Doctor Strange Parent Review
Amidst the violent depictions, this origin story provides a crash course on Doctor Strange, his strength and weakness, and the struggle required to overcome his challenges.
One more Marvel character is liberated from the confines of pen and ink in the cinematic release of Doctor Strange. Benedict Cumberbatch plays the surgeon who, if you can imagine, is played with even more pompous confidence than his characterization of Sherlock Holmes. Worse yet, Strange drives his Lamborghini with the same arrogant attitude. It’s an activity that proves disastrous – and supplies the inciting incident for the egoist’s transformation.
When the doctor awakens after his accident, he discovers his hands are replete with steel pins and immediately complains about the medical team that tried to put him back together. His tirade only intensifies when his colleague and former lover, Dr. Christine Palmer (Rachel McAdams), suggests his days in the operating room may be over. Unwilling to accept reality he exhausts his savings attempting to find a cure. When Western science fails him, he considers alternative treatments. Hearing of another man (Benjamin Bratt) with debilitating injuries that were inexplicably reversed, Dr. Strange heads to the source of the miracle—a Tibetan healer known as The Ancient One (Tilda Swinton).
Like all stories involving hubris, Eastern philosophy and bald spiritualists, our protagonist is going to get tossed about by his mentor and her assistant Mordo (Chiwetel Ejiofor). The former demonstrates her superior knowledge by literally knocking Strange’s soul from his body so he can take a planetarium-on-steroids tour of the multiverse (warning for those with problems viewing 3D movies), while Mordo teaches cool tricks with sticks and creating sparkly portals with your hands. The student is a slow starter at first but, as expected, soon proves to have great potential. Also, as anticipated, long before Strange has really mastered the art of spell casting or the humility to be obedient to his teacher, he will be forced to lead the forces for good against an evil antagonist in the climactic battle that makes up the film’s final act.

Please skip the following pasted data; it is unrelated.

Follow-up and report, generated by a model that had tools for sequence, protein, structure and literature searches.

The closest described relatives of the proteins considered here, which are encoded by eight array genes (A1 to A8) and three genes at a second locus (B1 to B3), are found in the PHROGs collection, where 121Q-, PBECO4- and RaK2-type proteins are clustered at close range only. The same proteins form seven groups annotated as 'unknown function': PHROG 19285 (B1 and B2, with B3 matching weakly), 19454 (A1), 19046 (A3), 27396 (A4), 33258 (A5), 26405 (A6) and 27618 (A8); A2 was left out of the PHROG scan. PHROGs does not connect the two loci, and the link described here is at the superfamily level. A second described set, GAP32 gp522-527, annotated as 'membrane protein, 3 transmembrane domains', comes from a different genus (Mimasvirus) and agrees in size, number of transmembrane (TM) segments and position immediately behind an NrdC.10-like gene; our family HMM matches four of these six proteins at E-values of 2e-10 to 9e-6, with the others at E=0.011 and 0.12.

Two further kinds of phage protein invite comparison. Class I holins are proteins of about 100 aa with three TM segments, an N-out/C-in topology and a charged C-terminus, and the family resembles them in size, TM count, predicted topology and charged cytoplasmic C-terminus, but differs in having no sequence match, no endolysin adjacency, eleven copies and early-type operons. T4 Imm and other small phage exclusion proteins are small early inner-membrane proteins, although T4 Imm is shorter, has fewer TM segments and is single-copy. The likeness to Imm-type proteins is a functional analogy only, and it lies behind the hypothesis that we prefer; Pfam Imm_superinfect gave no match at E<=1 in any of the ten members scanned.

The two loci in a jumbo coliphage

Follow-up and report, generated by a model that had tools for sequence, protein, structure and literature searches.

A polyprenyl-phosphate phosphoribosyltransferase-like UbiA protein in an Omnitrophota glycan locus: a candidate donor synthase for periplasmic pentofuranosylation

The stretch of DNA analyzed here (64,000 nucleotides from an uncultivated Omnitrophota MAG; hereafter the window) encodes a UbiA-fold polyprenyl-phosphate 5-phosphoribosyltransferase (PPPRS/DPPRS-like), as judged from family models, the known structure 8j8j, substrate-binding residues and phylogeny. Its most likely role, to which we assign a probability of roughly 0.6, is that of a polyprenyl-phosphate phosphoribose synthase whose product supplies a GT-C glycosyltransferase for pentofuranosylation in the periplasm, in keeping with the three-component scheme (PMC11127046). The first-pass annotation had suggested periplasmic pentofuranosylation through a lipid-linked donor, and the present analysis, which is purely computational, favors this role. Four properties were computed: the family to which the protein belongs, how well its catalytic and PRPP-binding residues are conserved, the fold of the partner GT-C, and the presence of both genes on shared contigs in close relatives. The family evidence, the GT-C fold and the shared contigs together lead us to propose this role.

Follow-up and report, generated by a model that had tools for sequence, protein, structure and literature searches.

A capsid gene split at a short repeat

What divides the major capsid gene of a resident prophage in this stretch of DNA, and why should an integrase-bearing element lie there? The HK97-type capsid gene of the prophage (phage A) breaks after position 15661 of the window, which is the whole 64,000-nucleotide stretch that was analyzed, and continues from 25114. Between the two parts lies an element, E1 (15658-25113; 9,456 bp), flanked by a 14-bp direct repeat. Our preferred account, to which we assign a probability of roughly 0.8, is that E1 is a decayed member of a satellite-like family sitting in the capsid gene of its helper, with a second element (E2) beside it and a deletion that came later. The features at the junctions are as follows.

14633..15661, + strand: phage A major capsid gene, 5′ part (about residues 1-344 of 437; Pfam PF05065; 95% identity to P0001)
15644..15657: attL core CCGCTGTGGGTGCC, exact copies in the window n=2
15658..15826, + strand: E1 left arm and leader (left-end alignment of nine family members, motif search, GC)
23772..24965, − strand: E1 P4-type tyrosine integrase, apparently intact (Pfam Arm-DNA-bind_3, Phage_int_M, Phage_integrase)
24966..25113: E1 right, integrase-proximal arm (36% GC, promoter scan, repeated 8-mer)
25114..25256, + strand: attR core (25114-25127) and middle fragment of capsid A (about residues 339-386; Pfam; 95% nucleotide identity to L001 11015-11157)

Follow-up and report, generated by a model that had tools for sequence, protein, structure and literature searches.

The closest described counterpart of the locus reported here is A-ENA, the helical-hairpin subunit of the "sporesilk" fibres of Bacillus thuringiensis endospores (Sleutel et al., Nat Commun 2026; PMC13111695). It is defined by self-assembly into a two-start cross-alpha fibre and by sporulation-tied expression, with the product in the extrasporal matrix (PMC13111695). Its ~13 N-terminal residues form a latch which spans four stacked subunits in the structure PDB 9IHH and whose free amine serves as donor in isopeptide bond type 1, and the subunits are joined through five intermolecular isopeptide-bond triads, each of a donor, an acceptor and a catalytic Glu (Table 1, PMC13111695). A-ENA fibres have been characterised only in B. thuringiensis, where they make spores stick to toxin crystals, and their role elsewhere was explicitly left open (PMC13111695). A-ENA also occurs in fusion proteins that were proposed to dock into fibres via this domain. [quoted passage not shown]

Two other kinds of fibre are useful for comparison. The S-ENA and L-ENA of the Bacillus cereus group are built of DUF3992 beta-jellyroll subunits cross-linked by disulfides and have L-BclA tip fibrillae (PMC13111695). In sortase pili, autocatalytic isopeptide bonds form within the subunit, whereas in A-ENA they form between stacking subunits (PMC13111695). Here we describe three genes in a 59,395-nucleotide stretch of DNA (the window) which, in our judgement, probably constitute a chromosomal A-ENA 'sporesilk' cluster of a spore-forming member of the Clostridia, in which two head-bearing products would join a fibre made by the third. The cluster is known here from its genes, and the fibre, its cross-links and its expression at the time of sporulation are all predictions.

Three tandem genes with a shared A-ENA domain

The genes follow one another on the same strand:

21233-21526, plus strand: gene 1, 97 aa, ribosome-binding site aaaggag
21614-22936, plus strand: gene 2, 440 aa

It will come as no surprise either that the greatest content concerns in this movie are the depictions of violence. It doesn’t seem to matter how sophisticated the superpowers are, the story still typically boils down to people being hit, thrown, punched and stabbed with a variety of weapons (supernatural and otherwise) and an occasional fist. More exotic offensive tactics include being cuffed or whipped by fire-like bands of energy (the sparkly stuff mentioned earlier), crushed by buildings that fold over each other like a pop-up book (reminiscent of the special effects in Inception), trapped in parallel universes and a character who gets bricked into a wall. These frequent physical altercations are enhanced with sound effects. As well there are some explicit depictions of surgical procedures and injuries that are accompanied by ample blood.
Fortunately, the script offers some positive messages too, which may have some parents considering this action flick as a possible viewing choice for teens. While I have no idea what this protagonist’s comic book legacy reveals, within the confines of this movie Doctor Strange demonstrates desirable growth in the areas of sacrifice and service. These messages are reinforced with reminders of the benefits of looking outward and seeking to help others, rather than dwelling on narcissistic tendencies and self-preservation. Depending on your perspective, other elements of this film may or may not be appealing. For example, Dr. Palmer demonstrates love and forgiveness toward her friend, yet she could also be accused of enabling his bad behavior and allowing herself to be a target of his verbal abuse.
Even for those of us who haven’t studied the complete Marvel Comics canon, this origin movie is likely to please. The screen adaption provides a crash course on Doctor Strange and supplies enough information for the audience to appreciate the strength of character required for him to overcome the personal challenge he faces. However, I’m suspicious the next adventure with this peculiar physician may reveal his new found altruistic attitude will still require great effort to maintain.Directed by Scott Derrickson. Starring Rachel McAdams, Benedict Cumberbatch, Tilda Swinton . Running time: 115 minutes. Theatrical release November 4, 2016. Updated January 16, 2017
Get details on profanity, sex and violence in Doctor Strange here.
Doctor Strange Parents Guide
Doctor Strange has a large ego. Why does he feel this has helped him in the world of medicine? How well does his pride serve in the mythical multiverse? What does the Ancient One mean when she suggests his self-protection instincts are keeping him from a greater destiny? Could her advice apply to real world situations?